- Poster presentation
- Open Access
Analysis of viral load, CD4+ and CD8+ T-cell from HIV-1 infected patients enrolled in the AIDS programs from the city of Santos, Brazil
© Zetehaku et al; licensee BioMed Central Ltd. 2008
- Published: 10 November 2008
- Viral Load
- Viral Suppression
- Virologic Failure
- Public System
- Sequential Therapy
In 1996 Santos was the first city in Brazil to include HIV-1 antiretroviral therapy. After advent of HAART, morbidity and mortality rates decreased in this location. However, due to sequential therapy, antiretroviral failure and resistance are assumed to be high. Our objective has been to assess the immunological benefit to individuals under HAART with and without virologic suppression.
We studied 2,854 patients treated with antiretroviral therapy. Patients with 3 years continuous suppression of viremia (<50 HIV-RNA copies/ml, b-DNA, Siemens) were classified as group 1 and patients with 3 years continuous viremia (viral load >10,000 HIV-RNA copies/ml) were classified as group 2. The CD4+ and CD8+ T-cell data were retrospectively analyzed for the years 2005, 2006 and 2007.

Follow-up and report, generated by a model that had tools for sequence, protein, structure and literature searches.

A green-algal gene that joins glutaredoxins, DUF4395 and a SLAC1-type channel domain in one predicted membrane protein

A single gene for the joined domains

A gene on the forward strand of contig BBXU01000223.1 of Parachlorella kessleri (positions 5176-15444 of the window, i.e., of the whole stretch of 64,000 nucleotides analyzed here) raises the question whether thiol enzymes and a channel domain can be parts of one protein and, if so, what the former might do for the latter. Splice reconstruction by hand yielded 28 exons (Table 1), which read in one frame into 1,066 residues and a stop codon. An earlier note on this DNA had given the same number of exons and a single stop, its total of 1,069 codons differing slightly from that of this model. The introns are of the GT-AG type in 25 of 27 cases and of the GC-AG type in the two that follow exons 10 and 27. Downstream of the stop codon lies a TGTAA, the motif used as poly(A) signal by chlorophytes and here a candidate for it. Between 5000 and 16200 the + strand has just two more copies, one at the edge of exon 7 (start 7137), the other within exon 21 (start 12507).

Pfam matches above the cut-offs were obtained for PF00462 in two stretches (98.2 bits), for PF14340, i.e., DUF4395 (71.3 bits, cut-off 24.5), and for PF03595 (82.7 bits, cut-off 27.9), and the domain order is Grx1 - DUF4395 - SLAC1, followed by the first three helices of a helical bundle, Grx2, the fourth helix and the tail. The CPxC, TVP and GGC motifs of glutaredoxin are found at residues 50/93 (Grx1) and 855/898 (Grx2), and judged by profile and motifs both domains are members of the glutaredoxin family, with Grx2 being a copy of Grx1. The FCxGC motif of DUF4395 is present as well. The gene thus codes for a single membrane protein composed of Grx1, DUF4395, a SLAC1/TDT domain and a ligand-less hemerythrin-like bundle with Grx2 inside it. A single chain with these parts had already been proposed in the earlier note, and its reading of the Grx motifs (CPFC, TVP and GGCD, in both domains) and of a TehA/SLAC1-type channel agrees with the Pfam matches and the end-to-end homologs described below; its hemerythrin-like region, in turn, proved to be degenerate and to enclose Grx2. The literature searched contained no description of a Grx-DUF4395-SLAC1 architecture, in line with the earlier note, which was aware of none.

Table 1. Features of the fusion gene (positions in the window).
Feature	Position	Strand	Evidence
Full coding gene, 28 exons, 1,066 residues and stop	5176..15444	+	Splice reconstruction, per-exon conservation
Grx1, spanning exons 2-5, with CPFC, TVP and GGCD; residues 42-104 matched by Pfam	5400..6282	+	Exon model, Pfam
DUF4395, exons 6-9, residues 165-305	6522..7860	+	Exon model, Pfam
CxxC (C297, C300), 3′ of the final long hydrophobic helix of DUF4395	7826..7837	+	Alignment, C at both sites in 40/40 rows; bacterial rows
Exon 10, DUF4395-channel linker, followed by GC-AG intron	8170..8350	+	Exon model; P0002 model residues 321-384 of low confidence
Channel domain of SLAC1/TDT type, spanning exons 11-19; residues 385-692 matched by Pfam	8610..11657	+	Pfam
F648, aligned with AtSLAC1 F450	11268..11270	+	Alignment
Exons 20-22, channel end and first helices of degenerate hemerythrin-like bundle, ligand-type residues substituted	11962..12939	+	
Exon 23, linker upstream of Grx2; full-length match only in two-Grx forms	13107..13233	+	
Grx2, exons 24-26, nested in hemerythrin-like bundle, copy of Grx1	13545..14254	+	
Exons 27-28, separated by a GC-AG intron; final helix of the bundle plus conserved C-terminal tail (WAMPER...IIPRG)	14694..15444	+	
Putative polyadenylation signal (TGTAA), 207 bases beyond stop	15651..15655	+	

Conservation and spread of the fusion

267 (9.4%) patients on follow-up belonged to group 1 and 48 (1.7%) patients were classified as group 2. The average CD4+ T-cell counts for group 1 was 642, 660, 722 cells/mm3 in 2005, 2006 and 2007, respectively, and CD8+T average was 1085, 987, 1006. The group 2 average CD4+T count was 427, 368, 315, and CD8+T mean: 1310, 1247, 1193 cells/mm3. There was a continuous increase in the CD4+ T-cell counts over time in group 1 (ANOVA, p < 0.05,), as well as a decline in group 2 (p < 0.01).
Although there have been descriptions of a continuous immunologic benefit among individuals under antiretroviral treatment in spite of virologic failure, it is clear that moderate to high levels of viremia will lead to a decrease in the average CD4 counts in a relatively short period of time in this population. Interestingly, both groups showed an equally high level of CD8+T cells in spite of the degree of viral suppression. Only 9.4% under treatment in the public system in this key location in Brazil present long-term viral suppression, which may be the characteristic of developing countries with widespread access to all FDA licensed antiretrovirals for all patients free of cost.
This article is published under license to BioMed Central Ltd.